Thursday, November 15, 2012

Project Tomorrow

I went to the web page of project tomorrow and I chose the “Mobile Leaning Report” (

Of course, one of the topics that teachers, administrators, parents and students need to address is the internet access: “How much is too much?”:  In some schools there is wireless internet access just in the library and there are many firewalls that don’t allow students to have access to many websites, like you-tube, those fire walls limit teacher’s access as well.

On the other side, there are schools with a campus 100% wireless and with open access to all the resources. Even teachers create Facebook accounts for their classes.

If parents are providing with Internet access to their kids: “ 2011, two-thirds of parents of school aged children (67 percent) noted that they have a personal smartphone; an increase of almost three times from 2006” (project tomorrow – mobile learning report), by buying tablets and smart phones, why are schools limiting the access? (In Internet closed campuses), and are we teaching our students to be self-conscious of the risk on the use of the Internet? (In Internet open campuses)

I saw the video “Is anyone listening to students?” ( where three High School students presented their opinion about the use of Internet in their classrooms. The argument presented by the second student makes me reflect about the what I don’t like about the Internet: It that it is making us less patients; now if we hear about something new, we just jump into Wikipedia and we want to become experts in that subject. But the student had a point... jumping into Wikipedia will satisfy a curiosity that otherwise, if you need to wait, and come home to learn about the topic that cached your attention, by the time you are able to do that, you will probably forget about that topic.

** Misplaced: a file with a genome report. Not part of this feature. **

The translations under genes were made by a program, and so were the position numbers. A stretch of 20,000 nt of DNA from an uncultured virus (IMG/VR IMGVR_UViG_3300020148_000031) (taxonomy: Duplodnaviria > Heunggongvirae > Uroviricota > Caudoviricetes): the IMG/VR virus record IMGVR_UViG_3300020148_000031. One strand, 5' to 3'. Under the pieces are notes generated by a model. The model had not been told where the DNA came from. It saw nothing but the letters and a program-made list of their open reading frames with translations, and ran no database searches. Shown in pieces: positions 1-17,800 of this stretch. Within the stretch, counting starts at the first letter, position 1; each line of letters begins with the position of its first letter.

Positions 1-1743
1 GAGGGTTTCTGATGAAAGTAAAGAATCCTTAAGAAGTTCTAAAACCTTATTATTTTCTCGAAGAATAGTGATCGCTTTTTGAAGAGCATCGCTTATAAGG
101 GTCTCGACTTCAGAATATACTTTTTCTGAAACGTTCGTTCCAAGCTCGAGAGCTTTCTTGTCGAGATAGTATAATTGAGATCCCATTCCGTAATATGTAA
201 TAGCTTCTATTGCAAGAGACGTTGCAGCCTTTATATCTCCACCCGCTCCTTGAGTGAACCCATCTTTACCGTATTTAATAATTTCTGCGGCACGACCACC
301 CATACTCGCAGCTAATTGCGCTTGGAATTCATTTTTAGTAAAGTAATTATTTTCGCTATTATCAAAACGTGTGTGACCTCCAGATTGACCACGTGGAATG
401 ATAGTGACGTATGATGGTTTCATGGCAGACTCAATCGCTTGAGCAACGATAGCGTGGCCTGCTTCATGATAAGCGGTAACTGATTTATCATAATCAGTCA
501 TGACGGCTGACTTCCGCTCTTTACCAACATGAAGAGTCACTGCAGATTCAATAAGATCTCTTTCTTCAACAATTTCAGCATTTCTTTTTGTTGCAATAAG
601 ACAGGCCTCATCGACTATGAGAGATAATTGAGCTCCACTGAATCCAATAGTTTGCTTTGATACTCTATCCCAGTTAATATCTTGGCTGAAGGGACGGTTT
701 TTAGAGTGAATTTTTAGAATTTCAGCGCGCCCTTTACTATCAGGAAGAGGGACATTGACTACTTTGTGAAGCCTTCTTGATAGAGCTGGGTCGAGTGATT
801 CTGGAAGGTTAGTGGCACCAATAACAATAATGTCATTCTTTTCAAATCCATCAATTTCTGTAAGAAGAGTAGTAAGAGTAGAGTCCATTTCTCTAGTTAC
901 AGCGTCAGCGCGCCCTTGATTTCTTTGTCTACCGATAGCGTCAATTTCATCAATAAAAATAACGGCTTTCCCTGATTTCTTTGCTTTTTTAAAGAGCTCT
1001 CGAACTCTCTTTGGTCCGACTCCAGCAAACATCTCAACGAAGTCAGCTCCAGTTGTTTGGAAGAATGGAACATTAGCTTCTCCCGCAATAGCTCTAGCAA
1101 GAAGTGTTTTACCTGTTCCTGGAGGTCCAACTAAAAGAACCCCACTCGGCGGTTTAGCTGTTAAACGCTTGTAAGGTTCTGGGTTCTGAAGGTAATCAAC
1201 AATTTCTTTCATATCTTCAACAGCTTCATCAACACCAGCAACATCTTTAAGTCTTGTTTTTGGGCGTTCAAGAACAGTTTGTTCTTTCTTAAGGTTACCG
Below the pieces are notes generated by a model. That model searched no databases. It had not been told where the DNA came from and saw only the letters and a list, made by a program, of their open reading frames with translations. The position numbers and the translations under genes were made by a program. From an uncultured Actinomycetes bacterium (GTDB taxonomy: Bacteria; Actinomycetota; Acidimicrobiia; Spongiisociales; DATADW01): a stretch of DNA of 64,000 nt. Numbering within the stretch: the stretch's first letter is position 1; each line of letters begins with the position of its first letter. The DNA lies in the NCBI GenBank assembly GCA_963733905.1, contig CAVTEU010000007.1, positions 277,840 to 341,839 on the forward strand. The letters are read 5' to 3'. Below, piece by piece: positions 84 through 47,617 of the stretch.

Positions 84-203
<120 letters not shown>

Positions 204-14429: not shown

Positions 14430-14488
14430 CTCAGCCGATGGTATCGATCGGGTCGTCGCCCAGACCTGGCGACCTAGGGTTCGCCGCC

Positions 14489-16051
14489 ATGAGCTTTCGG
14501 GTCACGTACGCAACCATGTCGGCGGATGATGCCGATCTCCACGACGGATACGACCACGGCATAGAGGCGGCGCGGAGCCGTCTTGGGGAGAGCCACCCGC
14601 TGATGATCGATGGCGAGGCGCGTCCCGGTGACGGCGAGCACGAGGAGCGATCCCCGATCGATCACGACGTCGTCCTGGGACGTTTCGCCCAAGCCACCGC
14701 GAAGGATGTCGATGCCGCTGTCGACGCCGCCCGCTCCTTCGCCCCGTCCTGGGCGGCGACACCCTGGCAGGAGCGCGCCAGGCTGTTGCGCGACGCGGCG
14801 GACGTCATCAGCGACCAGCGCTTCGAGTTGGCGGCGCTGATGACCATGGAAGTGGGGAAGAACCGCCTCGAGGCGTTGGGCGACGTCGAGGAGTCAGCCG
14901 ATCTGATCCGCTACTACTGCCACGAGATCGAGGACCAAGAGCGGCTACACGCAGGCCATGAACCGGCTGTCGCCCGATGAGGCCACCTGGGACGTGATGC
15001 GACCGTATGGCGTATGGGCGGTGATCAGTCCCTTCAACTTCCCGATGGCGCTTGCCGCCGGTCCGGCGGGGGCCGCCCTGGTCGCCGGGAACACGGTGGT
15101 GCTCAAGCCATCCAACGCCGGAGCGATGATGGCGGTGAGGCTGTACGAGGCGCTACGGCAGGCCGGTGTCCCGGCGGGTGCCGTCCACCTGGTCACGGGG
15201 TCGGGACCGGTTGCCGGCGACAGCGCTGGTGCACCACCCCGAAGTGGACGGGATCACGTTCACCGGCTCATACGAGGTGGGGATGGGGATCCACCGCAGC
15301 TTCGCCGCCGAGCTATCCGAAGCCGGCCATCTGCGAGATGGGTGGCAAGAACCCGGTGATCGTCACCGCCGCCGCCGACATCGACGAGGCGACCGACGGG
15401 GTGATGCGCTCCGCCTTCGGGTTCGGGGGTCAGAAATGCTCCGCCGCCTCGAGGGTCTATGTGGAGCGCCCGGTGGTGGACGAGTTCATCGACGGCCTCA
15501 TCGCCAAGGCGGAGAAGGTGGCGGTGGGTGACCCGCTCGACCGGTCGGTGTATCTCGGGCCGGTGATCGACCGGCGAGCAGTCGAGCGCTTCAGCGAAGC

Also the opinion of the third girl surprised me, because she expressed something that I don’t like about the open use of the Internet in campus: texting during class. It was surprising that a student pointed that and complained about that.
The problem that I see is that the two situations come together: the benefit of being connected, with the texting-gaming situation. I think that educating our students on the use of the Internet is the solution, but we are not yet prepared for that.

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